The Country Brief 2019-2020 is a short-term programming framework for the Bank’s operational activities in Zimbabwe. This is in accordance with the Bank’s Operational Guidelines of the Transition Support Facility. Its objectives are to update the Board of Directors on recent political and economic developments in the country, articulate challenges, opportunities and lessons to guide the Bank’s future operations. It builds on the achievements of the CB 2013-2016 (initially approved in 2013) to provide a programming framework for the period 2019-2020, and makes a case for the country’s eligibility to access resources under ADF-14 and 15. It should be noted that the country had no new strategy between end December 2016 and December 2018, pending finalization of discussions on arrears clearance. In 2016, an Interim Strategy Paper was prepared in anticipation of arrears clearance by the end of that year. However, following lengthy negotiations with the government and failed meeting of targets to clear the arrears, Management made a decision to prepare a new CB starting with a completion report for the previous CB, which was endorsed by CODE on 16th November 2018. Extract: Section 2.1.35 Regional Integration:

Being a landlocked country, regional integration is important for Zimbabwe’s growth and development. Its central geographic position in SADC region makes it a critical transit country and therefore key to regional trade. However the country’s infrastructure has deteriorated resulting in transporters having to take longer routes by-passing Zimbabwe to move goods mainly from South Africa into the sub-region. With regards to power transmission, Zimbabwe holds great opportunity for the evacuation of power from the Grand Inga as well as the Batoka Gorge Hydro Generation projects. Given the weakening external position, the GoZ has inconsistent import controls policy, often putting it on collision path with its trading partners, especially South Africa. From a fragility point of view, the poor economic performance of the Zimbabwean economy has had a negative impact on the sub-region, while weakening economic conditions in South Africa also present increasing risks to Zimbabwe. [Background: AfDB’s 2018 Zimbabwe Economic Report, pdf]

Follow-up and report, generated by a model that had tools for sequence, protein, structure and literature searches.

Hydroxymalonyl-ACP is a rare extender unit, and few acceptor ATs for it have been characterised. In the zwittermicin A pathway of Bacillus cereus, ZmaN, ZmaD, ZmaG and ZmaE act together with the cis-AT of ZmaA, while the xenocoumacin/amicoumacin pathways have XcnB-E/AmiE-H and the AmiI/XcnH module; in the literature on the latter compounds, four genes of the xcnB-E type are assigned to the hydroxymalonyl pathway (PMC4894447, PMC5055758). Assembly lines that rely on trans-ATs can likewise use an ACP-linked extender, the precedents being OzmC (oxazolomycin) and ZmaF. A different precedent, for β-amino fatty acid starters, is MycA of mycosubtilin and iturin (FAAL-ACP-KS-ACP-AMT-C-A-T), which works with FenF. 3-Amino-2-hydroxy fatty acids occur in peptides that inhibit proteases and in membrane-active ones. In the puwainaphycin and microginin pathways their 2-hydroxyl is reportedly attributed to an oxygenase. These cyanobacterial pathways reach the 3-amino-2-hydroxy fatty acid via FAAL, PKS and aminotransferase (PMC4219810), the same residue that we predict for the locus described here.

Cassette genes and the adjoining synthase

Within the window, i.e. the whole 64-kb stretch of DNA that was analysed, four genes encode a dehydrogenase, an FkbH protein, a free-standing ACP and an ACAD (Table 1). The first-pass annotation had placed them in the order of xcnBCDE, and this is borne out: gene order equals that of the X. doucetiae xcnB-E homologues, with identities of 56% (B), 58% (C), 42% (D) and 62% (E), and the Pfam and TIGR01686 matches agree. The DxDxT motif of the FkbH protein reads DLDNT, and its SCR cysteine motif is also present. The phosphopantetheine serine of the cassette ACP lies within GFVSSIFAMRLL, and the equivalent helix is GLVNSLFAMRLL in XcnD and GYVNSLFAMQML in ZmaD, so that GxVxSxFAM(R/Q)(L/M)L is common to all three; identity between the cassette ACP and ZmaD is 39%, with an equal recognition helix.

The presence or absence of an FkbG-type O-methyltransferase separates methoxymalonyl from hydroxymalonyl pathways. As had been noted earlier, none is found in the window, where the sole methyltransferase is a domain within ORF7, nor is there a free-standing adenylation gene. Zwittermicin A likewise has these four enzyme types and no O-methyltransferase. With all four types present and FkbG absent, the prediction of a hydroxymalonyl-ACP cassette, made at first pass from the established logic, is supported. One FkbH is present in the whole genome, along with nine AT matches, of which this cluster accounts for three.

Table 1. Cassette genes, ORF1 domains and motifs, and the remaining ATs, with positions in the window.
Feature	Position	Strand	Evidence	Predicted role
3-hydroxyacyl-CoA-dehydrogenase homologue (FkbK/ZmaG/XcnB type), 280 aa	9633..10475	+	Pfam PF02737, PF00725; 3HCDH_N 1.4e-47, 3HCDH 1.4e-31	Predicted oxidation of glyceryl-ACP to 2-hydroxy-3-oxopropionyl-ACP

The Zambia Economic Brief, Wealth beyond mining – leveraging renewable natural capital, is posted

The external sector weakened in 2018. The current account balance weakened from a deficit of 1.7% of GDP in 2017 to 4.1% in 2018, reflecting increased deficits in income and services accounts amidst a narrowing trade surplus. Both exports and imports of goods and services increased in 2018 relative to 2017, but imports rose at a much faster pace of 17% (to $10.2bn from $8.7bn) than imports (10% from $9.1bn to $10.0bn). The growth of exports particularly moderated in H2 2018 where copper prices fell by an average of 11% below their H1 2018 level. As a result, the balance in goods and services deteriorated from a surplus of $351m to a deficit of $210m (Table 3, pdf). The deficit on primary incomes narrowed from $1.1bn to $407m, largely on account of a sharp decline in primary income outflows. The balances on secondary incomes declined from $359m to $276m, reflecting a decline in grants and remittances. Summing up these developments, the deficit on the current account widened to $1.1bn in 2018 from $428m in 2017.

Egypt Economic Monitor: Taking Egypt’s exports to new levels (World Bank)

The severe foreign currency crunch that peaked in late 2016 motivated the GOE to introduce transformative economic reforms to alleviate the longstanding structural constraints to inclusive growth and macroeconomic stability. The flagship reforms of the economic program were (i) the liberalization of the exchange rate to eliminate the large currency overvaluation and foreign exchange shortages; (ii) a fiscal consolidation program that introduced a VAT and a gradual reduction in energy subsidies and the wage bill, and (iii) major energy sector terms to address power outages by public and private investment in generation and establish Egypt’s potential as an oil and gas producer by reducing pricing distortions and arrears. These reforms were complemented by efforts to improve the business climate and attract private investment, starting with legislative reforms and the introduction of new laws on industrial licensing, investment, and insolvency. Macroeconomic indicators have reacted positively to the stabilization reforms.